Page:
Anymail integrates with the Mailgun transactional email service from Rackspace, using their REST API.



To use Anymail’s Mailgun backend, set:

EMAIL_BACKEND = "anymail.backends.mailgun.EmailBackend"

in your


Required. Your Mailgun API key:

    "MAILGUN_API_KEY": "<your API key>",

Anymail will also look for MAILGUN_API_KEY at the root of the settings file if neither ANYMAIL["MAILGUN_API_KEY"] nor ANYMAIL_MAILGUN_API_KEY is set.


If you are using a specific Mailgun sender domain that is different from your messages’ from_email domains, set this to the domain you’ve configured in your Mailgun account.

If your messages’ from_email domains always match a configured Mailgun sender domain, this setting is not needed.

See Email sender domain below for examples.


The base url for calling the Mailgun API. It does not include the sender domain. (Anymail figures this out for you.)

The default is MAILGUN_API_URL = "", which connects to Mailgun’s US service. You must override this if you are using Mailgun’s European region:

  "MAILGUN_API_KEY": "...",
  # ...

Email sender domain

Mailgun’s API requires identifying the sender domain. By default, Anymail uses the domain of each messages’s from_email (e.g., “” for “”).

You will need to override this default if you are using a dedicated Mailgun sender domain that is different from a message’s from_email domain.

For example, if you are sending from “”, but your Mailgun account is configured for “”, you should provide MAILGUN_SENDER_DOMAIN in your

    "MAILGUN_API_KEY": "<your API key>",

If you need to override the sender domain for an individual message, use Anymail’s envelope_sender (only the domain is used; anything before the @ is ignored):

message = EmailMessage(from_email="[email protected]", ...)
message.envelope_sender = "[email protected]"  # the "[email protected]" is ignored

Changed in version 2.0: Earlier Anymail versions looked for a special sender_domain key in the message’s esp_extra to override Mailgun’s sender domain. This is still supported, but may be deprecated in a future release. Using envelope_sender as shown above is now preferred.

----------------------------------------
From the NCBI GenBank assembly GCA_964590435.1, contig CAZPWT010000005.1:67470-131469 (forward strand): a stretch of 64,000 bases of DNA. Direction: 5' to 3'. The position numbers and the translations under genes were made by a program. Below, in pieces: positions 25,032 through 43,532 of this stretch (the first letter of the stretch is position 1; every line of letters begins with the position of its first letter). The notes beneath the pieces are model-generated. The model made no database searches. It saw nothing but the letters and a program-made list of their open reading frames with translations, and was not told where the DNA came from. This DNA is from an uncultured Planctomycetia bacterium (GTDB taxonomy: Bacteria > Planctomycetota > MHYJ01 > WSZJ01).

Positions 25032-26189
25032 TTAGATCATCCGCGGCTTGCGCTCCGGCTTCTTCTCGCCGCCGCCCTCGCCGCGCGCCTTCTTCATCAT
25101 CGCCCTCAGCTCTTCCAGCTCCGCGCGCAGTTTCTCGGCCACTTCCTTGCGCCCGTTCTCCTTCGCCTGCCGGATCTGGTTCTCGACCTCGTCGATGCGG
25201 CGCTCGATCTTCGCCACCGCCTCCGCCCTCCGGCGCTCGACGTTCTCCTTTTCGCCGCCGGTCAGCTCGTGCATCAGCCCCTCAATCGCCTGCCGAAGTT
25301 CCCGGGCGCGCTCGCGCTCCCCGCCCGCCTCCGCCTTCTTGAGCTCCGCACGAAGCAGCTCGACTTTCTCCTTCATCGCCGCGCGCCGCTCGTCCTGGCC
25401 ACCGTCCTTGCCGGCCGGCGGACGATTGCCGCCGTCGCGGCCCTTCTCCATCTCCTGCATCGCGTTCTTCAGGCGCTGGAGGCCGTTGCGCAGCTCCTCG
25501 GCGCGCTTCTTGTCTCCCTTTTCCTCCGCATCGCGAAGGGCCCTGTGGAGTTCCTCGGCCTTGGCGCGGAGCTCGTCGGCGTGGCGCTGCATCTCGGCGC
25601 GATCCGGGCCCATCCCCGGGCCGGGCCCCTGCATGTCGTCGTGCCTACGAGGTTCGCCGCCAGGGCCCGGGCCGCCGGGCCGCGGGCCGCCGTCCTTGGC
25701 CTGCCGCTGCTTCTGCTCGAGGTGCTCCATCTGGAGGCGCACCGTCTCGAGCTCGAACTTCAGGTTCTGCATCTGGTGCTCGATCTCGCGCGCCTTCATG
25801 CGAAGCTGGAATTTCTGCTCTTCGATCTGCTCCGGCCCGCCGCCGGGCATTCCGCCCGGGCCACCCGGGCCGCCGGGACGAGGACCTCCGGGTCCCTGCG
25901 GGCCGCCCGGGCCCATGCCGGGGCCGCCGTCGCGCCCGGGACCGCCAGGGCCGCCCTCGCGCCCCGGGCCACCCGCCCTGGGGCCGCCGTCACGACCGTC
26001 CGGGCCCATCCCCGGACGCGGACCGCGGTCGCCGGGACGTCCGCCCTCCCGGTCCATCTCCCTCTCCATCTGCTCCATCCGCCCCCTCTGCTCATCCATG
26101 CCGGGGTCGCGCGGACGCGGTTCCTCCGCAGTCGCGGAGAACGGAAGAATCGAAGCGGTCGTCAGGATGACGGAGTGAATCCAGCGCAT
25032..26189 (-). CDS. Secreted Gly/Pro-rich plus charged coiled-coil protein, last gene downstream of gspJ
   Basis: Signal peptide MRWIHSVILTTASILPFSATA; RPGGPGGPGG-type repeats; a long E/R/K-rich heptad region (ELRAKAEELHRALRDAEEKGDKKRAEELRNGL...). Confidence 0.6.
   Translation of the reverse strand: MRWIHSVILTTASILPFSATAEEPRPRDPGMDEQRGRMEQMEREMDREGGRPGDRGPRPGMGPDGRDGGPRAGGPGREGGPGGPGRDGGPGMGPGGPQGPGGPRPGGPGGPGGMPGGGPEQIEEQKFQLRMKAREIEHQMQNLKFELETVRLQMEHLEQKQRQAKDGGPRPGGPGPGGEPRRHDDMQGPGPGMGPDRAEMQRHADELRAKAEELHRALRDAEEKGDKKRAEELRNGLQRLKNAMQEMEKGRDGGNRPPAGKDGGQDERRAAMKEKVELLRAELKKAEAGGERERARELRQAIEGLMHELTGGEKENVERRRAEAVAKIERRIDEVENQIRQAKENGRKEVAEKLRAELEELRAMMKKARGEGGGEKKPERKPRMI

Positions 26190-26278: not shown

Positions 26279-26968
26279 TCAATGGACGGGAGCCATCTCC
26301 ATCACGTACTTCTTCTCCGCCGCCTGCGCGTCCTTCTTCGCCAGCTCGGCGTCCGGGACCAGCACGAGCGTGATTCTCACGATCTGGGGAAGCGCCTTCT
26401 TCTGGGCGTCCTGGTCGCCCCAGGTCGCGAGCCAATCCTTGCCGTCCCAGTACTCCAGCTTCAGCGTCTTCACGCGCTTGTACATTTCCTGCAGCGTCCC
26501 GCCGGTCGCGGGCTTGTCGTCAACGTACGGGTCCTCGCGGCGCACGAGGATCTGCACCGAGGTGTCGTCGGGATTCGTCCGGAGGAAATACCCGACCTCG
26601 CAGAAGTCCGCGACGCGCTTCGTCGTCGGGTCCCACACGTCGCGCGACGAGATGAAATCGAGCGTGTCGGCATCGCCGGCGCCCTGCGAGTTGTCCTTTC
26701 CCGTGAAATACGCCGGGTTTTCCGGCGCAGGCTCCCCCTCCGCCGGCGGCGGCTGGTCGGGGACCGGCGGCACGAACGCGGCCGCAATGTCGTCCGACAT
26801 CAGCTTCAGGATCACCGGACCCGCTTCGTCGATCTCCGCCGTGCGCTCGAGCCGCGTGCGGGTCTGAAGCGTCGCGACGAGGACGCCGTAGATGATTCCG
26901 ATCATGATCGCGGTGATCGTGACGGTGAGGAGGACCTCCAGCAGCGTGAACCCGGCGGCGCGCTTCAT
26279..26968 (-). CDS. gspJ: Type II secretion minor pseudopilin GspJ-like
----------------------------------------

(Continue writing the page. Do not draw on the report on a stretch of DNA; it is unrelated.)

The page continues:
exp_extra support

Anymail’s Mailgun backend will pass all esp_extra values directly to Mailgun. You can use any of the (non-file) parameters listed in the Mailgun sending docs. Example:

message = AnymailMessage(...)
message.esp_extra = {
    'o:testmode': 'yes',  # use Mailgun's test mode

Limitations and quirks

Envelope sender uses only domain
Anymail’s envelope_sender is used to select your Mailgun sender domain. For obvious reasons, only the domain portion applies. You can use anything before the @, and it will be ignored.

Batch sending/merge and ESP templates

Mailgun does not offer ESP stored templates, so Anymail’s template_id message attribute is not supported with the Mailgun backend.

Mailgun does support batch sending with per-recipient merge data. You can refer to Mailgun “recipient variables” in your message subject and body, and supply the values with Anymail’s normalized merge_data and merge_global_data message attributes:

message = EmailMessage(
    subject="Your order %recipient.order_no% has shipped",
            We shipped your order %recipient.order_no%
            on %recipient.ship_date%.""",
    to=["[email protected]", "Bob <[email protected]>"]
# (you'd probably also set a similar html body with %recipient.___% variables)
message.merge_data = {
    '[email protected]': {'name': "Alice", 'order_no': "12345"},
    '[email protected]': {'name': "Bob", 'order_no': "54321"},
message.merge_global_data = {
    'ship_date': "May 15"  # Anymail maps globals to all recipients

Mailgun does not natively support global merge data. Anymail emulates the capability by copying any merge_global_data values to each recipient’s section in Mailgun’s “recipient-variables” API parameter.